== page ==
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    SONIFYING GAIT KINEMATICS USING THE SOUND OF WADING: A STUDY ON ECOLOGICAL MOVEMENT REPRESENTATIONS
    (Georgia Institute of Technology, 2023-06) Kantan, Prithvi ; Dahl, Sofia ; Serafin, Stefania ; Spaich, Erika G.
    Interactive sonification of human movement can enhance motor learning by introducing an additional sensory feedback channel during rehabilitation. Successful past work on sonifying human walking has focused primarily on providing users with feedback on the stance (ground contact) phase of the gait cycle, whilst the equally important swing phase has been largely neglected. In this work, we developed and assessed a swing phase sonification algorithm that generates ecological feedback on limb swing in the form of wading sounds at two different depths. We evaluated the perceptual qualities of the algorithm output in a test with 16 respondents, as well as the user experience of 9 healthy participants in a reallife walking pilot test. Despite our simple approach of simulating wading acoustics using gyroscope-modulated liquid sounds, our results suggested that the simulation sounded perceptually natural, unintrusive during walking, and responded well to limb swing in real-time. Future work includes further improvements to the algorithm followed by rigorous user tests with both healthy and impaired individuals. We believe that this research can contribute to the development of meaningful auditory feedback schemes targeting limb swing.
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    FACIAL BEHAVIOR SONIFICATION WITH THE INTERACTIVE SONIFICATION FRAMEWORK PANSON
    (Georgia Institute of Technology, 2023-06) Nalli, Michele ; Johnson, David ; Hermann, Thomas
    Facial behavior occupies a central role in social interaction. Its auditory representation is useful for various applications such as for supporting the visually impaired, for actors to train emotional expression, and for supporting annotation of multi-modal behavioral corpora. In this paper we present a prototype system for interactive sonification of facial behavior that works both in realtime mode, using a webcam, and offline mode, analyzing a video file. The system is based on python and Jupyter notebooks, and relies on the python module sc3nb for sonification-related functionalities. Facial feature extraction is realized using OpenFace 2.0. Designing the system led to the development of a framework of reusable components to develop interactive sonification applications, called Panson, which can be used to easily design and adapt sonifications for different use cases. We present the main concepts behind the facial behavior sonification system and the Panson framework. Furthermore, we introduce and discuss novel sonifications developed using Panson, and demonstrate them with a set of sonified videos. The sonifications and Panson are Open Source reproducible research available on GitHub.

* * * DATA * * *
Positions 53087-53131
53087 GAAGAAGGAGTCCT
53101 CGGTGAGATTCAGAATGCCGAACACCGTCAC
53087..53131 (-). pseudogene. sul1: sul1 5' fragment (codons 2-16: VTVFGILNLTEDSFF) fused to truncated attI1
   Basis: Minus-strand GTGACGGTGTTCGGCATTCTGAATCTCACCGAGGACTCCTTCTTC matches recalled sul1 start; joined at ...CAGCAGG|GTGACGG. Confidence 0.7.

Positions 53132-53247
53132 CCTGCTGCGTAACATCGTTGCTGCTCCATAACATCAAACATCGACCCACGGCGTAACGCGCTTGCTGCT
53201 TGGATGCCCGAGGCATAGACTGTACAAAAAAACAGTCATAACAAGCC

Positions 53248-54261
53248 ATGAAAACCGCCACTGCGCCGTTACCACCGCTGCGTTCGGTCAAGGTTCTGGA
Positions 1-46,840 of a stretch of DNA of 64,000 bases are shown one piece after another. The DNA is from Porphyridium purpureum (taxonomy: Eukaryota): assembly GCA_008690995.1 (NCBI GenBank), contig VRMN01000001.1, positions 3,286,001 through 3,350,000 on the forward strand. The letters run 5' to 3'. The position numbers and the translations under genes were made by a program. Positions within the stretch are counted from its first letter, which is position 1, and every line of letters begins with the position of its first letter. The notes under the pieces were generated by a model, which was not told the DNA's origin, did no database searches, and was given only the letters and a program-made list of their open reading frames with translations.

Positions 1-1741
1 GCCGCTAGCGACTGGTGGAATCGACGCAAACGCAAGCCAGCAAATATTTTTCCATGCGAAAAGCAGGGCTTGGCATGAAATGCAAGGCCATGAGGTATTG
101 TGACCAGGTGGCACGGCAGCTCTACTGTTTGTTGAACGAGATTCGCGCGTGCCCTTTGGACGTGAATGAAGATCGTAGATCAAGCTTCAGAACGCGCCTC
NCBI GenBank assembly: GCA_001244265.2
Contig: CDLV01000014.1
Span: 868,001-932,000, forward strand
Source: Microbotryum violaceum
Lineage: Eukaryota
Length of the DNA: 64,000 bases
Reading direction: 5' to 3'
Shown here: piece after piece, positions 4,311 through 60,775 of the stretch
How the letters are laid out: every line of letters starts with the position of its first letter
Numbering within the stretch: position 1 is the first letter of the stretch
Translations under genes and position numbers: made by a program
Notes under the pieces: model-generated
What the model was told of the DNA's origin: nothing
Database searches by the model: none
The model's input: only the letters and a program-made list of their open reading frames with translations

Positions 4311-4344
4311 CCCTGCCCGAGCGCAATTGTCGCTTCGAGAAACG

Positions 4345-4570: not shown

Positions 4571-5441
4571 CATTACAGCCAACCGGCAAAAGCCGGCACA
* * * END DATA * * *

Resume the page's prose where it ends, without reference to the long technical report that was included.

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    Sonification for the Masses: Proceedings of the 28th Annual International Conference on Auditory Display
    (Georgia Institute of Technology, 2023-06)
    Complete proceedings of the 28th International Conference on Auditory Display (ICAD2023), June 26 - July 1 2023, Norrköping, Sweden.
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    NEURODIVERGENCE IN SOUND: SONIFICATION AS A TOOL FOR MENTAL HEALTH AWARENESS
    (Georgia Institute of Technology, 2023-06) Nadri, Chihab ; Al Mater, Hamza ; Morrison, Spencer ; Tiemann, Allison ; Song, Inuk ; Lee, Tae Ho ; Jeon, Myounghoon
    The need to build greater mental health awareness as an important factor in decreasing stigma surrounding individuals with neurodivergent conditions has led to the development of programs and activities that seek to increase mental health awareness. Using a sonification approach with neural activity can effectively convey an individual’s psychological and mental characteristics in a simple and intuitive manner. In this study, we developed a sonification algorithm that alters existing music clips according to fMRI data corresponding to the salience network activity from neurotypical and neurodivergent individuals with schizophrenia. We conducted an evaluation of these sonifications with 24 participants. Results indicate that participants were able to differentiate between sound clips stemming from different neurological conditions and that participants gained increased awareness of schizophrenia through this brief intervention. Findings indicate sonification could be an effective tool in raising mental health awareness and relate neurodivergence to a neurotypical audience.
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    TWICE STEPPED IN STILL WATERS: SONIFICATION AND INTERDISCIPLINARITY AS ARTISTIC RESEARCH
    (Georgia Institute of Technology, 2023-06) Boehringer, Jorge